Catherine: "My mother had an opportunity to finally be herself, not someone's obedient wife, labouring mother, or dutiful daughter, just herself"

I am 49 and child free. This is probably due to circumstance, rather than choice. I say circumstance because I never persevered with any of the unhealthy relationships I had with men. I did go through a few years of wanting children but I took a clinical approach to my clucky emotions. I recognised that these feelings were merely biological instincts, common to all animal species. Although I had those feelings, it didn't mean I had to act on them. And so I waited for the feelings to pass and they did. Now I am grateful I never had children. In fact, I feel blessed to be child free.

I have always believed that having children by conscious choice is the ultimate in selfish behaviour and that insufficient thought is given to this important decision. I think it's strange that people think it is a self-less act, as if there is some foetus knocking on the front door begging to be let in and the mother, selflessly acquiesces with a long exhausted sigh and says "okay" and takes the parasite in and lets it feed off her for 9 months before she gives birth to it and is then trapped in motherhood legally for the next 18 years, usually for the term of her natural life.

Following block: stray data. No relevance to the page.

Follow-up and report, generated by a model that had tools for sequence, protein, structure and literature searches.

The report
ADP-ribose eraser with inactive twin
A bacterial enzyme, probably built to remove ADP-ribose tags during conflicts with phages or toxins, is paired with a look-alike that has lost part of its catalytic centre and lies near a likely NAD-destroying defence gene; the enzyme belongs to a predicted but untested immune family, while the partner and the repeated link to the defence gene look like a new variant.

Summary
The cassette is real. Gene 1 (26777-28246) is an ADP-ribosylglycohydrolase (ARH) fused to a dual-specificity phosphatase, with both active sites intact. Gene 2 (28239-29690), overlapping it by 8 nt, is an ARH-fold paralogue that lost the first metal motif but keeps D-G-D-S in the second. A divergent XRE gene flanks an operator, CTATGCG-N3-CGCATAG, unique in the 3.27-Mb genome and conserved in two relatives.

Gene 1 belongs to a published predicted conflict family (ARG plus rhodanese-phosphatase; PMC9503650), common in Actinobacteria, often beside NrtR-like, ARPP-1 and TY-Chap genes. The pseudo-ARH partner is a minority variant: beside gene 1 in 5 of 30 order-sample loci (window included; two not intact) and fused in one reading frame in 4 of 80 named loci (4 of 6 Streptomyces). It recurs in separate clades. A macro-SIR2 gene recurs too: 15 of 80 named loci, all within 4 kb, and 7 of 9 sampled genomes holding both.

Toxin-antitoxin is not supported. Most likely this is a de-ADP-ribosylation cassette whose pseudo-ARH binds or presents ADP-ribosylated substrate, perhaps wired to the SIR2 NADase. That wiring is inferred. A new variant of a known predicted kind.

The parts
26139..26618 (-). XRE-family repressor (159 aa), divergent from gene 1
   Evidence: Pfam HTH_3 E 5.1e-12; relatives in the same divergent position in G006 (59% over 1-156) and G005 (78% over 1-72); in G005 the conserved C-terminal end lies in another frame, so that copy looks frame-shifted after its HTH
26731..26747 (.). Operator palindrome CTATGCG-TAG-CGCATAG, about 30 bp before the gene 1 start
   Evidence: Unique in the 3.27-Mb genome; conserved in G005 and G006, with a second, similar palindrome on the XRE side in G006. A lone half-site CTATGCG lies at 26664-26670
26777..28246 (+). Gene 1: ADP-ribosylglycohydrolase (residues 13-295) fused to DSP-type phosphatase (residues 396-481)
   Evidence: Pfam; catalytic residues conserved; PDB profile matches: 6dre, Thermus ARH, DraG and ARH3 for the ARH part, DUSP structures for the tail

Fortunately for me neither friends nor family have ever questioned my decision to not seek the experience of motherhood. To be honest, I have difficulty comprehending how some women become so fixated on motherhood, as if the very possession of a uterus means that one absolutely must procreate. As if, by becoming a biological mother, they have won a gold medal in the motherhood stakes. As if, by not using the uterus for its intended purpose, they are somehow a failure.

Being child free has given me freedom. The sort of freedom that my mother never had. Many years ago when I was living in the UK my mother came to visit me for 3 months. She said it was the most wonderful thing in the world to have such freedom. An opportunity to finally be herself, not someone's obedient wife, not someone's labouring mother, not someone's dutiful daughter, just herself; to eat dinner when she felt like it; sleep in until she felt like; and do whatever she pleased without restriction. 

I don't want my mother's life, bound and trapped in motherhood. I want freedom, choice, and an opportunity to be me. –Catherine Uí Néill, Melbourne, Australia

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